The MIT report concludes: “ As compared to the earlier period, earnings growth in the past forty years has been slow, sporadic, and unequal. “

However, while acknowledging when state of workers in America began, it offers no analysis of why it began.  To do so, would mean they would have to engage in a critique of the internal logic of capitalism itself, a logic which places profits before people, and demands an ever greater exploitation of labor.  Thus, their analysis is flawed not in what it says, but it what it never says.

If we pause to examine what happened in 1980 and immediately before that which might have precipitated the decline and degradation of the American worker, we are able to identify several factors all of which were motivated by the desire of companies to increase profits without regard for the consequences of their actions on The United States of America as a whole.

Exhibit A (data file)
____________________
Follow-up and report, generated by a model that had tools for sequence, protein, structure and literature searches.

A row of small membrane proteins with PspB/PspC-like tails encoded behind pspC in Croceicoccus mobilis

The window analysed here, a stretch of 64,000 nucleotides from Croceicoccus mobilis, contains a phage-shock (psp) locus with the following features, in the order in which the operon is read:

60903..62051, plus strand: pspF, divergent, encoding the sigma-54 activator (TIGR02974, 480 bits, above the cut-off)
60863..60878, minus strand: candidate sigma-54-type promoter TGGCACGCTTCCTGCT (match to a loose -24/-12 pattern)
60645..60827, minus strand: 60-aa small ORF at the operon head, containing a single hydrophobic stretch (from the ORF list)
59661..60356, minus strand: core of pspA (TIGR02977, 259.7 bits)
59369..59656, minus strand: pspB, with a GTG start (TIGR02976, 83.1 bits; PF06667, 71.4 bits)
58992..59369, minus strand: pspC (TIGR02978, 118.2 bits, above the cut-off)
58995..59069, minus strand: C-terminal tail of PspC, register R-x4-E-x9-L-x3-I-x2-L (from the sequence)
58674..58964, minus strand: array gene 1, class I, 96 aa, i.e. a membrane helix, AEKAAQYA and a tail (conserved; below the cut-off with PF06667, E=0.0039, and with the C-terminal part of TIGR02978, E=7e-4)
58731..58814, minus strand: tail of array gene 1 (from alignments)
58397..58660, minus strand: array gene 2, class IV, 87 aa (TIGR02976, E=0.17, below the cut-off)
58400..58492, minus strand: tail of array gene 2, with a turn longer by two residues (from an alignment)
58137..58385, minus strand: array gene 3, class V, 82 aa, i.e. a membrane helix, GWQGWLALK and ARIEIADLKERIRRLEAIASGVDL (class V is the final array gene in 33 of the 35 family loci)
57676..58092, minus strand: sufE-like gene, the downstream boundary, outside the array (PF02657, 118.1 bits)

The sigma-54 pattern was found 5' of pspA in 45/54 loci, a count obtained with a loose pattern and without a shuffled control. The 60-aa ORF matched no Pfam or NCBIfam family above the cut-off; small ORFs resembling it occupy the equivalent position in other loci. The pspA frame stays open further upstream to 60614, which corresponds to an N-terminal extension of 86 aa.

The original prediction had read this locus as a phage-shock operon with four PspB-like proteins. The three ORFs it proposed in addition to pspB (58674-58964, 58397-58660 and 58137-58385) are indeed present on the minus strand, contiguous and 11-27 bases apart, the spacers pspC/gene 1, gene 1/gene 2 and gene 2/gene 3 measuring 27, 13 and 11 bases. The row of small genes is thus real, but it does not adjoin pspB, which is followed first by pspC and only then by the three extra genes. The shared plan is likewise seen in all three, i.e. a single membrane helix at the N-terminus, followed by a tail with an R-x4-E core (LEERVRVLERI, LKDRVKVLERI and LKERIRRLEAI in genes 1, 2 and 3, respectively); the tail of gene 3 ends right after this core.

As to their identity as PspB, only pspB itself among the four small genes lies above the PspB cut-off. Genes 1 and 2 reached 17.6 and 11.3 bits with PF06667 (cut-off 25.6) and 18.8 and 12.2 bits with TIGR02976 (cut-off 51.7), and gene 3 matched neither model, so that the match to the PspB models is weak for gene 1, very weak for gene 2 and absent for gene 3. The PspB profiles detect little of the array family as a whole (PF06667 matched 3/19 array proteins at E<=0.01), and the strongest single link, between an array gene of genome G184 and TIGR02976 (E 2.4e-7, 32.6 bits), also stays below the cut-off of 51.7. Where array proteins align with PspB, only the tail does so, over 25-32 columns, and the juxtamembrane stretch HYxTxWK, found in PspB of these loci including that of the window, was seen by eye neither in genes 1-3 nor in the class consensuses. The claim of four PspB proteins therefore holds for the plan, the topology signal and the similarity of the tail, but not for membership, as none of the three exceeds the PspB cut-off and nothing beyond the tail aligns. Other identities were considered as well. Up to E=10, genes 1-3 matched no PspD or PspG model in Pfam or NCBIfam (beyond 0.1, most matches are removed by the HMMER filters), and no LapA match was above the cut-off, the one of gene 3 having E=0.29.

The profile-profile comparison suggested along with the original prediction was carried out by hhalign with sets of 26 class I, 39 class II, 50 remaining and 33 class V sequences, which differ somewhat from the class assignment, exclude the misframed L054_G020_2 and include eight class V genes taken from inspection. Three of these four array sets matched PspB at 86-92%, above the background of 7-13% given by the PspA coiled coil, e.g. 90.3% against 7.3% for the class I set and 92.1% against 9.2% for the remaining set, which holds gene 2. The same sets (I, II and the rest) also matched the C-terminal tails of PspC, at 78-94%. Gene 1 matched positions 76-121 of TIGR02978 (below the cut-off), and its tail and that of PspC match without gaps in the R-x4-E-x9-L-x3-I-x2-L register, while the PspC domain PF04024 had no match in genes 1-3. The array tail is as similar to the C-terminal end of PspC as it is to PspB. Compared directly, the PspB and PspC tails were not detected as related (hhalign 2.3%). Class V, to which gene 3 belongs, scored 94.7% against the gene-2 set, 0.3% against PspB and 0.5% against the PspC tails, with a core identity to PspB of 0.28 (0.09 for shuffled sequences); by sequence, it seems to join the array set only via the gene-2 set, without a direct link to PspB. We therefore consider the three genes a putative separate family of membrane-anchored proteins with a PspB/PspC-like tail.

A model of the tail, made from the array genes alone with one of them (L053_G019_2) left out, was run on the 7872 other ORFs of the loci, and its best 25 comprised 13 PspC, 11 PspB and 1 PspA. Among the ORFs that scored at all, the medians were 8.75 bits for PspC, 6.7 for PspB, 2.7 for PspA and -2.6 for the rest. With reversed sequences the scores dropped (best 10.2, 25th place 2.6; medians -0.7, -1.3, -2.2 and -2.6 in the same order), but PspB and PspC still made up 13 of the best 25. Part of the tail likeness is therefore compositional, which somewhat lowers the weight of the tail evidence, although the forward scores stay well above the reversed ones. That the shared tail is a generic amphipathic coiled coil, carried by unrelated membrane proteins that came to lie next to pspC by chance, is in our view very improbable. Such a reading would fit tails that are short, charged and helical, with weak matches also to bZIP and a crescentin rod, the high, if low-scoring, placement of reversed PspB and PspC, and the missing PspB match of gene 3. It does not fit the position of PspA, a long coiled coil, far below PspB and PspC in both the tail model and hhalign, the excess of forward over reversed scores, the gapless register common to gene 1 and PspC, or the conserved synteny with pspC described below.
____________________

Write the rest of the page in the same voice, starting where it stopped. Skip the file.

Beginning in about the mid-seventies, in an effort to escape the demands of organized labor and thus increase profits, companies began sending American jobs to cheaper places to operate.  In so doing the capitalists had been successful in breaking the back of organized labor, and when that happened and workers had to deal with their employers as individuals, they found themselves powerless and so out of necessity, accepted lower wages and more degrading labor It should be noted that this process was not replicated to the same extent in many European countries. According to the most recent edition of the Organization for Economic Co-operation and Development’s Economic Outlook, in the Scandinavian countries—Sweden, Denmark, and Finland union density hovers around 65 percent.  When you compare us to France or Germany, there wasn’t really a region of one of those countries where unions were just totally frozen out.